If water mains have been installed or extended in a municipality and the cost of installation or extension has been in some instances assessed against the abutting owners and in other instances paid by the municipality or a utility, the governing body of the municipality may provide that all persons who paid the assessment against any lot or parcel of land may be reimbursed the amount of the assessment regardless of when such assessment was made or paid. Reimbursement may be made from such funds or earnings of the municipal utility or from such funds of the municipality as the governing body determines.
Two or more public utilities acquired as a single enterprise may be operated under this section as a single enterprise.
In a 2nd, 3rd or 4th class city, a village or a town, the council or board may provide for the operation of a public utility or utilities by the board of public works or by another officer or officers, in lieu of the commission provided for in this section.
When a city council creates a board under sub. (1), the council is prohibited by sub. (3) from fixing the wages of the utility's employees. Schroeder v. City of Clintonville, 90 Wis. 2d 457
, 280 N.W.2d 166
Although the statutes relating to public utilities and transit commissions describe certain attributes the governing commissions must have, these statutes do not call the commission into existence or endow it with authority independent of what the statutes confer on the municipality. A commission has no authority but for what it received from the municipality, and the municipality has no authority to legislate contrary to the boundaries established by the statutes. Wisconsin Carry, Inc. v. City of Madison, 2017 WI 19
, 373 Wis. 2d 543
, 892 N.W.2d 233
This section grants municipalities the authority to create commissions to govern public utilities, but it contains no independent grant of authority to such commissions. As a public utility, a commission exercises its authority under the supervision of the city. The city exercises its supervisory authority via ordinance. Wisconsin Carry, Inc. v. City of Madison, 2017 WI 19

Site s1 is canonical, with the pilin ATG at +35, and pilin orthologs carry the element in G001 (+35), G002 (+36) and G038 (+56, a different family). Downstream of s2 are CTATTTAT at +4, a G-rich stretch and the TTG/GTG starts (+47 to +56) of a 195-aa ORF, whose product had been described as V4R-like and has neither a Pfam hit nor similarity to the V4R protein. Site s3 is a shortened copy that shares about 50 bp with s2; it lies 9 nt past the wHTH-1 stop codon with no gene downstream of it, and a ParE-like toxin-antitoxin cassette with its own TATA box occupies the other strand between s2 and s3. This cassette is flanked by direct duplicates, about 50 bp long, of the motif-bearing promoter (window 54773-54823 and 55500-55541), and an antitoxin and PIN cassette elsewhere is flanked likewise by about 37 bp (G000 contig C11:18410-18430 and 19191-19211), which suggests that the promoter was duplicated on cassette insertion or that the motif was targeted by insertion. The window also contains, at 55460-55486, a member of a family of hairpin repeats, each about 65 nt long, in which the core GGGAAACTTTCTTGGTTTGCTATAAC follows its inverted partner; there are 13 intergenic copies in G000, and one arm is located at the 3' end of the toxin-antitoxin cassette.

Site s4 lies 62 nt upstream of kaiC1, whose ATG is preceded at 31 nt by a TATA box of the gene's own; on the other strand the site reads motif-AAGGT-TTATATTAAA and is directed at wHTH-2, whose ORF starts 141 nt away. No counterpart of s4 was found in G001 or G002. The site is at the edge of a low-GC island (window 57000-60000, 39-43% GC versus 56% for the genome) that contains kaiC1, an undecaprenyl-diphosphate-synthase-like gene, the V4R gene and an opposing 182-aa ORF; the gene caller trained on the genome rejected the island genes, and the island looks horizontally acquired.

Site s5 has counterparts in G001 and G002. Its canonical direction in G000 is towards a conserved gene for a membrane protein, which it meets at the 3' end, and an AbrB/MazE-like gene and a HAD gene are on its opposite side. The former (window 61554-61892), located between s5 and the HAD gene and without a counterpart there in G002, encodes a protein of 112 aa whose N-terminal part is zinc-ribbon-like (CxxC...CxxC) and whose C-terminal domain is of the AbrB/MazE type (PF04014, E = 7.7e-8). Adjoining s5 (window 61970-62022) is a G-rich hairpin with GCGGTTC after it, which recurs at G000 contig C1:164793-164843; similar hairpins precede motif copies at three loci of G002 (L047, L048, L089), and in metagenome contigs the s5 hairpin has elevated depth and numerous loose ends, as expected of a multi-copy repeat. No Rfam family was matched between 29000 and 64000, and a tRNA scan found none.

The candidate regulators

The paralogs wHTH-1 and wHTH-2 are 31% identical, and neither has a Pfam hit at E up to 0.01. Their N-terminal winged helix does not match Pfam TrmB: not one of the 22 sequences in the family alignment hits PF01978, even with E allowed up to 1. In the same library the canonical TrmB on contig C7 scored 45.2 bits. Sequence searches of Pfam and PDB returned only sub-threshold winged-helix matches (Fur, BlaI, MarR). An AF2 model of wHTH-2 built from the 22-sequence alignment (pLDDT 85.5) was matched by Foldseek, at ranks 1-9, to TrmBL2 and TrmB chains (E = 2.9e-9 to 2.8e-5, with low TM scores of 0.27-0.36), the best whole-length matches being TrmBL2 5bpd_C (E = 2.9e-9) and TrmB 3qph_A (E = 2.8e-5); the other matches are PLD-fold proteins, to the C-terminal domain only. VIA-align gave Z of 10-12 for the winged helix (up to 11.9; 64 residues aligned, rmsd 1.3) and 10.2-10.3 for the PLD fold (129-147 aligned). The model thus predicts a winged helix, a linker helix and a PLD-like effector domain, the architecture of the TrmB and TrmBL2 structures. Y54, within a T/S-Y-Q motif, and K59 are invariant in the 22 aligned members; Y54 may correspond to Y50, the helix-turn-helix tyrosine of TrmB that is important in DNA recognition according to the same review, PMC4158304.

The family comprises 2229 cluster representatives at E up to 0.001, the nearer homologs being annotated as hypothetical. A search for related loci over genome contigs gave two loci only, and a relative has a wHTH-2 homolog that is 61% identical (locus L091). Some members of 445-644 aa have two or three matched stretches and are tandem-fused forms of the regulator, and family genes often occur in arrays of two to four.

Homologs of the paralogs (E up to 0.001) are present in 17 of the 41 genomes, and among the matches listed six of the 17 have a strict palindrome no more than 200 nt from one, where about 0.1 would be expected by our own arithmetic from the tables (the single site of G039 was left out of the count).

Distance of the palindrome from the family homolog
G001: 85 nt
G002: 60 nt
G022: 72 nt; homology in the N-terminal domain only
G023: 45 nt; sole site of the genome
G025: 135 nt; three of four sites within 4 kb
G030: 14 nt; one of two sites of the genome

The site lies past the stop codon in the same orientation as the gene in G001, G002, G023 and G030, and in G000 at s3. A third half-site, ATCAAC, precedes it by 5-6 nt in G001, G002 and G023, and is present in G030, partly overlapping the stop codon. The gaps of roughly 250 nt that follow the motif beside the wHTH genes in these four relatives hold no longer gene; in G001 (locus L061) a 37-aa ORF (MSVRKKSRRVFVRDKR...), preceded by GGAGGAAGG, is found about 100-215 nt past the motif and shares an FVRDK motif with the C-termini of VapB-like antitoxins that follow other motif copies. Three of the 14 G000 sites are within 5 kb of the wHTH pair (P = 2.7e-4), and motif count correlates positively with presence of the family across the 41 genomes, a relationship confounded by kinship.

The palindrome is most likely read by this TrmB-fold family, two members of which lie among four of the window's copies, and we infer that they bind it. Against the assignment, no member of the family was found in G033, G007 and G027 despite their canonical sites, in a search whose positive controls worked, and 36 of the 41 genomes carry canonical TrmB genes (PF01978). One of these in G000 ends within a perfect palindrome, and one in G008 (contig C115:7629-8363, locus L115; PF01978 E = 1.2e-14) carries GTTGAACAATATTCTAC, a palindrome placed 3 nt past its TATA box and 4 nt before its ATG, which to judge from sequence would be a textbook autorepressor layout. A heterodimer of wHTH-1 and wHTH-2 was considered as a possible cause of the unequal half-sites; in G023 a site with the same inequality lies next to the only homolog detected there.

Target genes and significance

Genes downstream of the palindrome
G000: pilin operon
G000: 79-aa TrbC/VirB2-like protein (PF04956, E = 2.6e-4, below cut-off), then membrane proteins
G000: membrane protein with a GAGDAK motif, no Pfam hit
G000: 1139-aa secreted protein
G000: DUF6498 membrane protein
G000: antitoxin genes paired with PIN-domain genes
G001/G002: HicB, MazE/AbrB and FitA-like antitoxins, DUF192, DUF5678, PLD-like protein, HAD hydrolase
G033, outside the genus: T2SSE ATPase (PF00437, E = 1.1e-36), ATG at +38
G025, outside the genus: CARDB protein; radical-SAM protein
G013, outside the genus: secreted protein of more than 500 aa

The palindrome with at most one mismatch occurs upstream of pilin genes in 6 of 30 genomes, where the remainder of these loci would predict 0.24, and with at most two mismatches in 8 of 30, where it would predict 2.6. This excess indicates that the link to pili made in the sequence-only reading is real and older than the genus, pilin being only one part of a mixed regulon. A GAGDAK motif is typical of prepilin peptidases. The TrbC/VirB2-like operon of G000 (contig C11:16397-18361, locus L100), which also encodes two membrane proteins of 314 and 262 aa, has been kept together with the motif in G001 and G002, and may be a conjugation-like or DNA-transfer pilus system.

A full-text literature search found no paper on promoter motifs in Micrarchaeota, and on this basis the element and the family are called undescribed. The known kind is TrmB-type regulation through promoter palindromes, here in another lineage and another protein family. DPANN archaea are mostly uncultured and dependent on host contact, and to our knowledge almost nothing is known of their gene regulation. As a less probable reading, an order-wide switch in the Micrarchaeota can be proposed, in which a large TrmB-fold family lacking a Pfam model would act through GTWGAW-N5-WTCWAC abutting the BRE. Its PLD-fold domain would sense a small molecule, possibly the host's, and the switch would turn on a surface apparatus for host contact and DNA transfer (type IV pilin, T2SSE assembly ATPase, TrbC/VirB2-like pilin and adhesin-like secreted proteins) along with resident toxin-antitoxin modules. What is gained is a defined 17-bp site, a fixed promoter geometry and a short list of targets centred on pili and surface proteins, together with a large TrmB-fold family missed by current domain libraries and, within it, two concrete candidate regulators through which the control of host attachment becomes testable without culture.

, 373 Wis. 2d 543
, 892 N.W.2d 233
Joint operation of public utility or public transportation system. 66.0807(1)
In this section, “privately owned public utility" includes a cooperative association organized under ch. 185
for the purpose of producing or furnishing utility service to its members only.
A city, village or town served by a privately owned public utility, motor bus or other systems of public transportation rendering local service may contract with the owner of the utility or system for the leasing, public operation, joint operation, extension and improvement of the utility or system by the municipality; or, with funds loaned by the municipality, may contract for the stabilization by municipal guaranty of the return upon or for the purchase by installments out of earnings or otherwise of that portion of the public utility or system which is operated within the municipality and any territory immediately adjacent and tributary to the municipality; or may contract for the accomplishment of any object agreed upon between the parties relating to the use, operation, management, value, earnings, purchase, extension, improvement, sale, lease or control of the utility or system property. The provisions of s. 66.0817